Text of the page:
Bonds, Giants agree on one-year deal
Slugger, 21 homers shy of Aaron, set to re-sign for $16 million
LAKE BUENA VISTA, Fla. -- The Giants agreed in principle on Thursday to re-sign slugger Barry Bonds for the 2007 season, said a source with knowledge of the negotiations.The deal, pending Bonds passing the requisite physical, is believed to be one year for $16 million, and guarantees that Bonds will continue his pursuit of Hank Aaron's Major League all-time home run record in his familiar No. 25 San Francisco uniform. Bonds goes into 2007 with 734 homers, only 21 behind Aaron's magic 755. He hit his 715th to pass Babe Ruth into second place on the all-time list on May 28 at AT&T Park against the Rockies. Bonds' agent, Jeff Borris, was traveling on Thursday and could not be reached to comment. A Giants spokesman wouldn't confirm nor deny the pending deal, but said no announcement was forthcoming on Thursday night. The source, though, said Bonds, who will turn 43 midway through the 2007 season, was happy with the outcome of the nearly six weeks of negotiations since he filed for free agency after the end of the World Series. Bonds earned $18 million this past season, the last of a five-year, $90 million contract, and was seeking comparable money next year. He came to town on Wednesday to try and close the deal. Though he didn't meet with the Giants, his mere presence proved to be a turning point. Bonds bolted by nightfall, but in his vapor trail, Borris had a three-hour evening session that included Giants general manager Brian Sabean. The agent said on Thursday morning that it was "one of the most productive negotiating rounds we've had with them to date." Sabean agreed with Borris' assessment and also said the meeting was very positive.
"It was candid and open," Sabean said, also confirming that Bonds was not in attendance."It wasn't prudent," he said about negotiating without Bonds in the room. "I never talk to a player about negotiations, and Jeff agreed." That session was followed by a late night phone call between the two parties, where the parameters of the final deal were evidently discussed. Ultimately, it became reality later on Thursday. Bonds and the Giants seemed destined to continue on their journey together. The Giants are hosting the All-Star Game next July 10, and it would've seemed strange for them to do so without their favorite son on the roster. But for the last month, the two have tangoed.
Bonds tested the free-agent market, but found no willing takers. He generated some early interest from the A's and the Padres, but that had all but dissipated this week as those teams spent their limited finances elsewhere -- Oakland on Mike Piazza and San Diego on Greg Maddux.At the same time, the Giants pursued other free-agent outfielders, but lost out to the Dodgers on Juan Pierre, the Angels on Gary Matthews Jr., the Astros on Carlos Lee, and they were never a serious player for Alfonso Soriano, who signed an eight-year, $136 million contract -- the largest so far of a bullish market this offseason. Bonds joined the Giants as a free agent in 1993 and quickly ascended beyond the level of excellence he had established in his first seven years, starring for the cash-starved Pittsburgh Pirates. He's been the National League's Most Valuable Player seven times, the last four of them in successive seasons from 2001, when he hit 73 homers to break Mark McGwire's three-year-old single-season record, to 2004, the season that ended with knees so sore that he had to undergo arthroscopic surgery on both of them. The first, on his left knee, went well as planned. But the one on his right knee proved to be a disaster. During 2005, he subsequently had to have the knee scoped two more times, the last to alleviate a sinister bacterial infection that could have caused him to lose his lower right leg had it not been checked. Bonds missed all except 14 games that season, when he hit a career-low five home runs. This past season, Bonds was plagued by bone chips in his left elbow as he built the right knee back into playing shape. The bone chips and a spur were removed a day after the end of the season. Even so, Bonds hit .270 in 2006 (after bottoming out at .235 as late as Aug. 20) and tied Ray Durham for the club lead with 26 homers, the most long balls ever hit by a player who turned 42 during that particular season. He added 74 runs scored and 77 RBIs in 130 games, led the NL with 115 walks, and his .454 on-base percentage led the Major Leagues. Bonds went into the season with 708 homers, seven away from passing Ruth. He struggled mightily, going his first 13 games without hitting a homer, and finally getting his first on April 22 at Colorado. He tied Ruth at 714 in Oakland on May 20 after a nine-game drought. The big one came eight days later. Up until then, Bonds had wavered about returning for his 22nd season and his 15th with the Giants. But the day after passing Ruth, Bonds said he would return in 2007 if healthy. He made the determination that he was healthy enough to come back shortly after the All-Star break, and he held fast to that conviction. All he needed was a team and a contract. Now he has both. He'll play out the string with the team he knows best -- in the ballpark nestled on the banks of McCovey Cove.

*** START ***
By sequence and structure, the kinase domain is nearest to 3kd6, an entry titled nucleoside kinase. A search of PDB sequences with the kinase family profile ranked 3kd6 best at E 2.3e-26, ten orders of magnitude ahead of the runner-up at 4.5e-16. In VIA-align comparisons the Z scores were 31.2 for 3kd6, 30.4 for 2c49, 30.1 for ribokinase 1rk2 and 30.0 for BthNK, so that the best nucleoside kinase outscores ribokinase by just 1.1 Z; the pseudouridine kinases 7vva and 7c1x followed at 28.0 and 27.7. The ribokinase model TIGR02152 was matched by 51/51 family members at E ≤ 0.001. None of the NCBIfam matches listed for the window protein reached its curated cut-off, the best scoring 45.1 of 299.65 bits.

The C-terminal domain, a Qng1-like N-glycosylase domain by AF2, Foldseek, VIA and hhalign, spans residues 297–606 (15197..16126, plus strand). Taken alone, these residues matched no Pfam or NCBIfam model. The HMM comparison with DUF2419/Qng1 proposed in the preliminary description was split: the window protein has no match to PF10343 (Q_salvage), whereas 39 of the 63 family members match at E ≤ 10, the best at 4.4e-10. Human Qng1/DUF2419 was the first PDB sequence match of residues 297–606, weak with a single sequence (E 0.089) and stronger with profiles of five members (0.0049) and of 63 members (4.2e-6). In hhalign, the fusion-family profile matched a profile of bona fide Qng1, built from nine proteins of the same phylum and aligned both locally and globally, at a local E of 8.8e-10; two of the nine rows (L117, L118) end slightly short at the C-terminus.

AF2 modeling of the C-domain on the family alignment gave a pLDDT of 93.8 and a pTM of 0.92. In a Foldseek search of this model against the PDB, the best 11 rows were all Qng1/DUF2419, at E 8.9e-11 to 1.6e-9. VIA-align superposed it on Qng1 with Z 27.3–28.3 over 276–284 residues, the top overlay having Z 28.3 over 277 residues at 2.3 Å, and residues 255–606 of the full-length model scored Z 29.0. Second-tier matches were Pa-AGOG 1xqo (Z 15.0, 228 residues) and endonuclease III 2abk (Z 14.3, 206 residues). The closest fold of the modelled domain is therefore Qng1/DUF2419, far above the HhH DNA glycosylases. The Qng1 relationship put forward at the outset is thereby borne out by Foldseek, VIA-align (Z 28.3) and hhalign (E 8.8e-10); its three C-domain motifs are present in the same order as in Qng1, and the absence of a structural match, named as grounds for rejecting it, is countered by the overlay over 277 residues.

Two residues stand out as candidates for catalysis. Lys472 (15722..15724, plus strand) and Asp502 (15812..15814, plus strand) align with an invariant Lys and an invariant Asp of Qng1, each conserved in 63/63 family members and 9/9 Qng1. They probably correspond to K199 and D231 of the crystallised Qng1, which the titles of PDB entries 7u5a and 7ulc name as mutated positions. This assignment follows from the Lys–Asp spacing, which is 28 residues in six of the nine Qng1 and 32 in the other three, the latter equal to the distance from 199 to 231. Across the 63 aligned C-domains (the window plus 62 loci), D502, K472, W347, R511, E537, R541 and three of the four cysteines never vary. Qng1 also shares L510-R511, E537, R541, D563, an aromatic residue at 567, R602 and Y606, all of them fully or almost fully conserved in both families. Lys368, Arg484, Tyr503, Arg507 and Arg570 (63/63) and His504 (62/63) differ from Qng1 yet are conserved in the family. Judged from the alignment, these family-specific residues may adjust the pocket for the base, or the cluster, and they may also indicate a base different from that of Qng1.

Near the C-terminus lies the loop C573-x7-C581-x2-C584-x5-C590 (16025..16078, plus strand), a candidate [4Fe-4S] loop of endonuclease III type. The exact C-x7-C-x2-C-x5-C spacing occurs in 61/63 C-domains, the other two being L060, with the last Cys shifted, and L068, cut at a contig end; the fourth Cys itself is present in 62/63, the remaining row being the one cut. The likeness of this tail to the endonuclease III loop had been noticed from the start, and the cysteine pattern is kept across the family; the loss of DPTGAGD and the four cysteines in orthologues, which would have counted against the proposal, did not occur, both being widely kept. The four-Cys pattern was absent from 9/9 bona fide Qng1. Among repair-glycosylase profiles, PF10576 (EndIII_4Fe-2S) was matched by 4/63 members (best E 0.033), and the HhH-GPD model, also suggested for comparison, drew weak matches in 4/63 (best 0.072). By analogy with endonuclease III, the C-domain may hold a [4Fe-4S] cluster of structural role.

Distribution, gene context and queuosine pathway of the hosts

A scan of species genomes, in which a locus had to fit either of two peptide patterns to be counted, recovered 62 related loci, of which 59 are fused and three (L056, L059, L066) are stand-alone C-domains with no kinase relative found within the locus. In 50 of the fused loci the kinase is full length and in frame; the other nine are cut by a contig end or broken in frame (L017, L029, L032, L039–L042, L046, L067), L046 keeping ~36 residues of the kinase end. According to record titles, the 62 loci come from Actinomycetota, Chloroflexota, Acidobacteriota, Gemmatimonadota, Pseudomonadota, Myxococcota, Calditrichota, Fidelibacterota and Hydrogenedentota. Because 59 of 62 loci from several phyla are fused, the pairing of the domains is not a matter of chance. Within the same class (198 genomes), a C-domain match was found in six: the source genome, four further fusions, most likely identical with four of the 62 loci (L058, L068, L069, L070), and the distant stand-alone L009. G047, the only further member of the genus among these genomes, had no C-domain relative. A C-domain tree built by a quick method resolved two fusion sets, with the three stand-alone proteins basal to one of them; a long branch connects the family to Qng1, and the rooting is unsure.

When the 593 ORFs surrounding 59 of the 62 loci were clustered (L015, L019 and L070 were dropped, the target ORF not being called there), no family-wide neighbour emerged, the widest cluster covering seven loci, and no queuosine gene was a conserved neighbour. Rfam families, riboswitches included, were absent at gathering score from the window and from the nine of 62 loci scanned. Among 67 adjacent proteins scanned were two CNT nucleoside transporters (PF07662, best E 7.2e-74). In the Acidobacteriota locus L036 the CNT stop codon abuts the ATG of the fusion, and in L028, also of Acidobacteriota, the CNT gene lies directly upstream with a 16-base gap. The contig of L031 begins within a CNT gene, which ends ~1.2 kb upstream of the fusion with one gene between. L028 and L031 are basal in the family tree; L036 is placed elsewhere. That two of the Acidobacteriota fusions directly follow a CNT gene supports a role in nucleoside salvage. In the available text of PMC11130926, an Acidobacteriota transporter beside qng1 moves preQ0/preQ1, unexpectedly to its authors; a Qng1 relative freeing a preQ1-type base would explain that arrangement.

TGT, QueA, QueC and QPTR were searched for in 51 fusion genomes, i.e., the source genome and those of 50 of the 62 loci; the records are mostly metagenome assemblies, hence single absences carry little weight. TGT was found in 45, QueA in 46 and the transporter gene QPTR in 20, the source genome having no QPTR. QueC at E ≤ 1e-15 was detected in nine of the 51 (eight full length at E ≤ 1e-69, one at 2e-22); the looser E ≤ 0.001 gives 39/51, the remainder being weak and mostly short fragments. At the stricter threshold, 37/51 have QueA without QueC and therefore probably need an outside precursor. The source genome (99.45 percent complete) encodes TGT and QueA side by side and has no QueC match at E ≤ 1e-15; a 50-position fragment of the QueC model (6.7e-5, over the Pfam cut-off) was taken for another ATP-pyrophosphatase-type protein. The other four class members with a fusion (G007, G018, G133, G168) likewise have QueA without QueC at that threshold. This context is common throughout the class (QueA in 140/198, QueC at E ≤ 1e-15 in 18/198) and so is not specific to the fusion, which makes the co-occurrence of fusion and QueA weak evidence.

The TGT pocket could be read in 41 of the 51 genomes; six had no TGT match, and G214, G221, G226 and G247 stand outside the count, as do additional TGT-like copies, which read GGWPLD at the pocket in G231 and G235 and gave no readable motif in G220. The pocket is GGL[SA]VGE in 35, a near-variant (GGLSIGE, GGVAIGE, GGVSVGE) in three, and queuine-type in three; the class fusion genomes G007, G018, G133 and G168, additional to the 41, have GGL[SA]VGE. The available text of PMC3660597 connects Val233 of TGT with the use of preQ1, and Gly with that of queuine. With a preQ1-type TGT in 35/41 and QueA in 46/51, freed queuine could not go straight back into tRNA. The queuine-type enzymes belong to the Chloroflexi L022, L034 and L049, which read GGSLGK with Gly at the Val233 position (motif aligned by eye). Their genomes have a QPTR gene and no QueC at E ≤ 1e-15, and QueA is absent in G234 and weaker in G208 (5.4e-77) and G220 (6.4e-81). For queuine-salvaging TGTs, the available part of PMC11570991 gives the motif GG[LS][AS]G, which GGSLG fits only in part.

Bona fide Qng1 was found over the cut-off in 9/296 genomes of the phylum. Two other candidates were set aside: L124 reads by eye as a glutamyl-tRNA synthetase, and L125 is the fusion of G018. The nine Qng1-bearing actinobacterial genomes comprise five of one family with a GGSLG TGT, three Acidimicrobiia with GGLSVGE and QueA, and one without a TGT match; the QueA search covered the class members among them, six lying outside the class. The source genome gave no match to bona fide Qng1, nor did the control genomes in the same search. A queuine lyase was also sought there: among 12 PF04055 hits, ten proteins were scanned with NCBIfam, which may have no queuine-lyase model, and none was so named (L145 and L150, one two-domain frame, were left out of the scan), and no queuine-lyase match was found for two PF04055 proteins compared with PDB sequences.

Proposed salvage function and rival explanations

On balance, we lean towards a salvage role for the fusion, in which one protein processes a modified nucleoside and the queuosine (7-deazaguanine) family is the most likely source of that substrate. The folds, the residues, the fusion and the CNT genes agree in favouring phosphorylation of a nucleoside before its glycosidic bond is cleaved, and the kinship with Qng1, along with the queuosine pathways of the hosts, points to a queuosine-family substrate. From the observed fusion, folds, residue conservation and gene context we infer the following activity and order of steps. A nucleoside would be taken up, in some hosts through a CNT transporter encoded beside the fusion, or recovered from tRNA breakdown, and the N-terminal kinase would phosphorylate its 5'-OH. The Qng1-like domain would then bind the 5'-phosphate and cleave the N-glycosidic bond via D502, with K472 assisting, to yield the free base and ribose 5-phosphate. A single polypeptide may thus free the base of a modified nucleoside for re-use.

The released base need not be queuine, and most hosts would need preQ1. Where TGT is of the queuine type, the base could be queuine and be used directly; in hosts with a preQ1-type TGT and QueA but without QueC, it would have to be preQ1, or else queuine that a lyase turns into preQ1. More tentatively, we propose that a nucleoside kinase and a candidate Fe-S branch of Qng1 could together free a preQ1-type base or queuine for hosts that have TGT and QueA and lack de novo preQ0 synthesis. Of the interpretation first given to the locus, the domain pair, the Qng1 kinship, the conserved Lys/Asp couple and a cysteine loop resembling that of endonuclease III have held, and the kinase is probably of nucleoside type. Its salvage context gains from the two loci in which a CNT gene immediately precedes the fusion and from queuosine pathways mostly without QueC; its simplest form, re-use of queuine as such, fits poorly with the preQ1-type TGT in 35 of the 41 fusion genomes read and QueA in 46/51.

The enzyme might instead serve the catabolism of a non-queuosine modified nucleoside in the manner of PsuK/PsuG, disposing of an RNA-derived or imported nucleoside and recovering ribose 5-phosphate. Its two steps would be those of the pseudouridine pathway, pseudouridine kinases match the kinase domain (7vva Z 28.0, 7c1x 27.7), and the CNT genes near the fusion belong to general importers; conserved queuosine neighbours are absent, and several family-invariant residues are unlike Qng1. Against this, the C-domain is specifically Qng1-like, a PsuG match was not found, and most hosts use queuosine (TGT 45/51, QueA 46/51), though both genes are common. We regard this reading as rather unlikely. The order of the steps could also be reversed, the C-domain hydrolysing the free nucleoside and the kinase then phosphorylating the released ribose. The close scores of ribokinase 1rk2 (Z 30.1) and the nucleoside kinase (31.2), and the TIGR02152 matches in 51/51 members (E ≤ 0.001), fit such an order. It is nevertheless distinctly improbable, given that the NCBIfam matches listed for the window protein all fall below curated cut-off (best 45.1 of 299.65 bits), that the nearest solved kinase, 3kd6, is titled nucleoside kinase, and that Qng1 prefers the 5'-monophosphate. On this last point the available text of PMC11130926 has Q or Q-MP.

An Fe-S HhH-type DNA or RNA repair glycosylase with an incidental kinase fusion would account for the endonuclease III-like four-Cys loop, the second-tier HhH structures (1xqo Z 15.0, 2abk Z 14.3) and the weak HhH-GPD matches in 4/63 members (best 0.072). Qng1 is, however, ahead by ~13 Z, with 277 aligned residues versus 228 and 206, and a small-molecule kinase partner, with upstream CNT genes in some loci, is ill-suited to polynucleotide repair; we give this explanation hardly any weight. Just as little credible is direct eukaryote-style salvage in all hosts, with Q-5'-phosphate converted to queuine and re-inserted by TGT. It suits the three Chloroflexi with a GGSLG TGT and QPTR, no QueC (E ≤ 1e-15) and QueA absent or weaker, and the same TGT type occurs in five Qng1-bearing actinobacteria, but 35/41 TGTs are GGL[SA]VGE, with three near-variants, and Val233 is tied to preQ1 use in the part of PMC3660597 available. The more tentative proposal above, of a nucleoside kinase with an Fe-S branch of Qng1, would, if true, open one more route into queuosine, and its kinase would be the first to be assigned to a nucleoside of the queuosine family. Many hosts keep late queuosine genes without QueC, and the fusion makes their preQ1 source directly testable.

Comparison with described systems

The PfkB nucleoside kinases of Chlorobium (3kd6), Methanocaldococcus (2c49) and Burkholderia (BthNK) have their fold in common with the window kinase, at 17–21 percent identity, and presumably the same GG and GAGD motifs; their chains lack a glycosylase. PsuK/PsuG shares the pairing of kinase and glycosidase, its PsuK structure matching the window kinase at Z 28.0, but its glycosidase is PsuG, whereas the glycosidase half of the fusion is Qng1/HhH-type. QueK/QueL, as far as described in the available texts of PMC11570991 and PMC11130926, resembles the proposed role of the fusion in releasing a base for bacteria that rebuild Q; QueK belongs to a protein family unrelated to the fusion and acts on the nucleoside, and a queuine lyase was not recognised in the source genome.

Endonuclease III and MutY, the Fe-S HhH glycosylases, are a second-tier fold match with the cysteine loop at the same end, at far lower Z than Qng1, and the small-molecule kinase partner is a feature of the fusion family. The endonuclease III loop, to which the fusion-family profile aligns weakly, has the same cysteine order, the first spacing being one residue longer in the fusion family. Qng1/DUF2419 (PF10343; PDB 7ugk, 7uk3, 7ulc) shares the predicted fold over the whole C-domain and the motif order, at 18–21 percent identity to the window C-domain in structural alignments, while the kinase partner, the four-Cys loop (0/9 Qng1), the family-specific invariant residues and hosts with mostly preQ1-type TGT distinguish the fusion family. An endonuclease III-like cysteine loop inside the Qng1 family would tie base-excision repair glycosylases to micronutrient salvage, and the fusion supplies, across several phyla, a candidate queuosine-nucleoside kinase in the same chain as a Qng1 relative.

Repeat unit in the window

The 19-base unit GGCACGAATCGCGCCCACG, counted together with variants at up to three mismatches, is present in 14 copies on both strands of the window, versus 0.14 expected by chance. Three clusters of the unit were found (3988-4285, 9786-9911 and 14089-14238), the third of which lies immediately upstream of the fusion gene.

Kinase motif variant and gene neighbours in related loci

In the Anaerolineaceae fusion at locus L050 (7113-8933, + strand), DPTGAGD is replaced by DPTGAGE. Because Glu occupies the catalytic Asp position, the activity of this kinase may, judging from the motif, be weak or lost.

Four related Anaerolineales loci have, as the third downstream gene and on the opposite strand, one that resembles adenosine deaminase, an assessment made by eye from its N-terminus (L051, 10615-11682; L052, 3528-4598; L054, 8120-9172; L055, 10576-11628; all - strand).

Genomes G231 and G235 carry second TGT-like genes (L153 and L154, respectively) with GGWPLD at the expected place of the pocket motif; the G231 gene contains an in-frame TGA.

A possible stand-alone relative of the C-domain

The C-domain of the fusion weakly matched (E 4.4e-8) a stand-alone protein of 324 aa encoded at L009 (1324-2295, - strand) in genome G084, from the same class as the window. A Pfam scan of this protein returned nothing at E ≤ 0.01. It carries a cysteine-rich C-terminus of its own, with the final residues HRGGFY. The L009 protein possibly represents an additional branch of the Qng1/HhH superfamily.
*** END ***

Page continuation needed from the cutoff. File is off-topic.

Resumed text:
Barry M. Bloom is a national reporter for MLB.com. This story was not subject to the approval of Major League Baseball or its clubs.